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Gard News 201, February/April 2011


Gard News has a look at problems involving cargo carried in jumbo bags and some solutions to these problems developed by the industry.

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About a year ago a  reefer vessel insured by Gard went down on a voyage from Europe to South-America. In the Bay of Biscay the cargo shifted in heavy weather, the vessel took a list to port, capsized and sank. Of the 24 crew, two were lost. That brought to mind a very similar case from 1997, when the reefer vessel VANESSA also capsized in bad weather and went down. Both these reefer vessels carried fertiliser in jumbo bags.

Gard has searched for other similar cases and looked at the transportation of granulated cargo in jumbo bags, first of all as a return cargo in reefers. Reefer vessels, purpose built for carrying fruit, may carry different types of available cargo when returning to the fruit producing countries. As fertiliser is in big demand by the same agricultural countries, it has become a very common return cargo. Fertiliser may be ammonium nitrate, which is also used for explosives, or other types of nitrates or phosphates, including urea. In dry, granulated form, these products may be shipped in bulk, in sacks or in large, so-called jumbo bags, both in bulk vessels and in other types of dry cargo vessels. Other names used for such cargo units are "big bag", "super sack", "bulk bag", but the proper name is Flexible Intermediate Bulk Container, or FIBC.

The Flexible Intermediate Bulk Container
More and more cargo is transported in jumbo bags, which are made in many sizes, for contents usually between 500 and 3,000 kg. They may be round or square and vary in heights between 100 and 200 cm, and are often made of an outer layer of woven polypropylene for strength and an inner layer of polyethylene. Transportation is usually done by lifting in loops, and there are bags with one, two or four loops at the top, depending on whether they are to be lifted by crane or forklift. For easy handling by fork lifts, the bags may also be transported on pallets.  The jumbo bags are filled from the top, and some are arranged so they may be emptied from the bottom or are just cut open, if not of a re-usable type.  They are very handy for transportation of cargo in powder, pellet or granulated form, but may also be used for nodule types of products, like potatoes, onions, etc. A lot of raw materials for the chemical industry are transported in jumbo bags, and they are commonly used for products like cement, fertiliser, salt, etc. The bags may be placed inside cargo containers and, if used for fertiliser for instance, they are easy to put on trucks for direct delivery to farmers. Jumbo bags are gaining in popularity so fast that there are now international conferences for the producers and users, and the "6th World FIBC Congress" was held in Amsterdam in September 2010.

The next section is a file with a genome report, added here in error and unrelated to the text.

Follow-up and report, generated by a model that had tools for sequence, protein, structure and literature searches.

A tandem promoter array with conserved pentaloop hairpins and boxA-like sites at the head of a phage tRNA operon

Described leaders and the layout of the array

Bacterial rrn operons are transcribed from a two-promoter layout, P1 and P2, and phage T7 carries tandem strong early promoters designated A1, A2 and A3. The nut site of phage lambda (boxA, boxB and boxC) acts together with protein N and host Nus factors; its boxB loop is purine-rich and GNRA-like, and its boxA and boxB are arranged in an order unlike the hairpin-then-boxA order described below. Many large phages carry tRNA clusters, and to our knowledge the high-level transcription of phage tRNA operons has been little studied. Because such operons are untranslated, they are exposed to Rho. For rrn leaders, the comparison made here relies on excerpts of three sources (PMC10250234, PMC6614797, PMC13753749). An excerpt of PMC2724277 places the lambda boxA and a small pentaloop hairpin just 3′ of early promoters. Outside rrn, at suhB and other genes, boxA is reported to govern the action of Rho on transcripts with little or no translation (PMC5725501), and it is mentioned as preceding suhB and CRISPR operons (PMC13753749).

The risk of capsizing
All vessels may sometimes face risks of grounding, collision and fire, but such accidents may to a certain extent be handled by the crew, and if not, the crewmembers normally have a chance to leave the ship. The capsizing of a vessel, however, may leave the crew no time for action and possibly not even time to save themselves. IMO and Class regulations therefore aim to provide all vessels with sufficient stability, also if the hull should be damaged to a certain extent.

Slack bunker-and ballast tanks onboard may contribute to a capsizing, but the two main initial causes will either be that the cargo has shifted or there has been massive ingress of sea water. One may eventually lead to the other.